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Rachaad White Buccaneers
NFL

Buccaneers Need To Make Rachaad White The Starter

  • Alonso Cervera-Pizana
  • November 14, 2022
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It’s official, if it wasn’t already: rookie Rachaad White is the Tampa Bay Buccaneers’ best running back. 

After nine weeks of dreadful play from their running game, the Buccaneers made a change at the running back position in their 21-16 win over the Seattle Seahawks on Sunday. It worked. White’s 22-carry, 105-yard performance showcased a diverse and exciting skill set Tampa Bay must continue to tap into.

White’s emergence as a key contributor this deep in the season for Tampa Bay does not come as a luxury; it comes as a necessity. Entering their Week 10 matchup against the Seahawks, Tampa Bay ranked last in rushing yards per game this season. They are projected to finish as the third-worst rushing team by EPA/play since 1999. People have quibbled over whether Tampa Bay should strive to find balance in its play-calling with such a poor running game. What was undeniable, however, is that when the Buccaneers chose to run the ball, they needed to be better.

Tampa Bay had two clear levers to pull over the first half of their season in improving their run game: giving White a more prominent role, and benching reeling rookie left guard Luke Goedeke for Nick Leverett. The Goedeke benching took care of itself when he injured his foot in the team’s Week Seven loss to the Panthers. Leverett has seized the job with comparatively excellent play at left guard over the past three weeks.

Before Sunday, empowering White was trickier. Giving White the lead job in the backfield would have meant relegating Leonard Fournette to a supporting, complementary role. On the surface, there would be nothing wrong with that. Fournette has underperformed this season, averaging only 3.4 yards per carry. He has looked slow to get to the second level, struggling with his vision and laboring in short yardage. He has also declined in pass protection, an area in which he made real strides last season.

Demoting a player with Fournette’s production should not come with much controversy. Demoting a player with his pedigree does. Fournette signed a three-year, $21 million extension with Tampa Bay this offseason to be their lead running back after an outstanding season last year. He is beloved by the locker room and fanbase alike. More importantly, he did not seem amenable to taking on a lesser role. 

During Tampa Bay’s Week 9 comeback over the Los Angeles Rams, CBS reported that Fournette was seen sulking over losing touches to White. Before the team left for Germany this week, Fournette said, per the Tampa Bay Times, of the idea of a platoon system that “(developing a rhythm) is very important” but “it is what it is at this point.”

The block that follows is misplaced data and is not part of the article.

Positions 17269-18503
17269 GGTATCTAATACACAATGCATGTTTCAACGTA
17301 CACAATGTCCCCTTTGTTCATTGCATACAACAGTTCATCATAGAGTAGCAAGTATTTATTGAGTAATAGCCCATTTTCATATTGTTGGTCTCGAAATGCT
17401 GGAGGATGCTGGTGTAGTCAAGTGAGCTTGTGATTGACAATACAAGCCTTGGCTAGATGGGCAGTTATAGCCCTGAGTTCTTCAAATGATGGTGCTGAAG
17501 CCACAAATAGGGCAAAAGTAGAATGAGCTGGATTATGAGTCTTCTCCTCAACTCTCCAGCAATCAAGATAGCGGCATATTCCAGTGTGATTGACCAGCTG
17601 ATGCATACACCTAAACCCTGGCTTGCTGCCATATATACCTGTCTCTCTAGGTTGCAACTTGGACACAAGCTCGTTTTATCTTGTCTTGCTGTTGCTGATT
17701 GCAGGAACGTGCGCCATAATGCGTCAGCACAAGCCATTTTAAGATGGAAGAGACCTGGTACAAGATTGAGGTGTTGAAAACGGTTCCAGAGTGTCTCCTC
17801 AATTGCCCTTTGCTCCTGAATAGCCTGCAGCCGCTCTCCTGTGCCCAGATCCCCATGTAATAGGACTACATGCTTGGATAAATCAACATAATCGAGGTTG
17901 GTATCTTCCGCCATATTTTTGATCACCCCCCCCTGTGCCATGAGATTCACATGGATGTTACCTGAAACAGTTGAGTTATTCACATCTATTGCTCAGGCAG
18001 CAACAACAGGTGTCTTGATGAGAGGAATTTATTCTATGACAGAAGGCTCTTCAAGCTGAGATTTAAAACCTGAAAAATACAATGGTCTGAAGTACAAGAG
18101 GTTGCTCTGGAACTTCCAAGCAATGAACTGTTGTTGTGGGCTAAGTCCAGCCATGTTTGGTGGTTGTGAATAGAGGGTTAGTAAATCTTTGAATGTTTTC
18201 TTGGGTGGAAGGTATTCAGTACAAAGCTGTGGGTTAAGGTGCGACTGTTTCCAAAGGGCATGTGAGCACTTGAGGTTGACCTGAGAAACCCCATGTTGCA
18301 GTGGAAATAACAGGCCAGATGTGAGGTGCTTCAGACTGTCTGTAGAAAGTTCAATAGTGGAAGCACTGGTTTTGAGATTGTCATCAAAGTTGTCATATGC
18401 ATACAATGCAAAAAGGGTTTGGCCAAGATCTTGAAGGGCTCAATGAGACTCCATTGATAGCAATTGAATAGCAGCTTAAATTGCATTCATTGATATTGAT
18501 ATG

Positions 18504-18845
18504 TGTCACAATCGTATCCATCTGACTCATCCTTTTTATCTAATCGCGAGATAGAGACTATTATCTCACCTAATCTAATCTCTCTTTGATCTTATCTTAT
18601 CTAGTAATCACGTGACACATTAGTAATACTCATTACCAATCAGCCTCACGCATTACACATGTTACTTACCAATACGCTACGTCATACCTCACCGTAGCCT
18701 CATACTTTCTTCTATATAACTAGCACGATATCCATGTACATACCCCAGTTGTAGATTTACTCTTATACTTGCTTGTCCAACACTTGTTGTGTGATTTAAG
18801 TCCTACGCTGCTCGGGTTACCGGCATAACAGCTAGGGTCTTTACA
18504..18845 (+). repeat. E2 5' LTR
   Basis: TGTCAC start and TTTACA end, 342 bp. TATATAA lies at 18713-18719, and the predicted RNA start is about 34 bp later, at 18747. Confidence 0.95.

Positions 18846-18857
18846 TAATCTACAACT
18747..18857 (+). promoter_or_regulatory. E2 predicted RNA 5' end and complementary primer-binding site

Nonetheless, the risk of a potentially unhappy Fournette for an improved rushing attack is one Tampa Bay had to take at this point in the season. Week 10 saw them do so, giving White the start and 48 snaps to Fournette’s 22. By the end of the first half, White had seen more carries than he had in any game during the season. He had also shown a skillset that stood in stark contrast to that of Fournette’s. White looked quick and slithery getting to the second level. His vision stood out, positively. He excelled in short-yardage, converting on every short-yardage opportunity available to him. And, as everyone has seen by now, he finishes runs—give that man his scepter, Kyle Brandt! White showed more pop as a runner Sunday than Fournette has since Week 1.

White’s opportunity on Sunday had been a long time coming in the eyes of many. There had not been much to back it up from a statistical standpoint—his perfect conversion rate on third and fourth and one this year in comparison to Fournette’s struggles in that area offered a breadcrumb, not much more – but from an intuitive standpoint, it seemed to make sense that White would perform if given the opportunity.

When things are blocked clearly for Fournette, he excels, hitting his next gear as he gets to the second level and punishing linebackers and defensive backs. Ali Marpet’s retirement and Ryan Jensen’s knee injury both have led to regression on the offensive line, and the holes in Fournette’s game have been plain to see. Tampa Bay has needed a running back with the quickness, vision, and wiggle White showed on Sunday, who can create when things aren’t clearly blocked.

On Sunday, White staked his case for taking the lion’s share of Tampa Bay’s backfield split. Yes, it will be a split; White is unlikely to take full control of the backfield. Fournette will play a role. He has a role to play, especially as defenses wear down over the course of a game. His punishing style makes for a nice contrast to White’s quickness. But his ideal role right now is as a complement to White. White should be the running back in Tampa Bay’s offense.

The Buccaneers ran for more than twice as many yards on Sunday than they had in any game since Week 2. They may, may, have finally found a running game. All it took was going to Germany… and playing the right lead running back.

Written By

Alonso Cervera-Pizana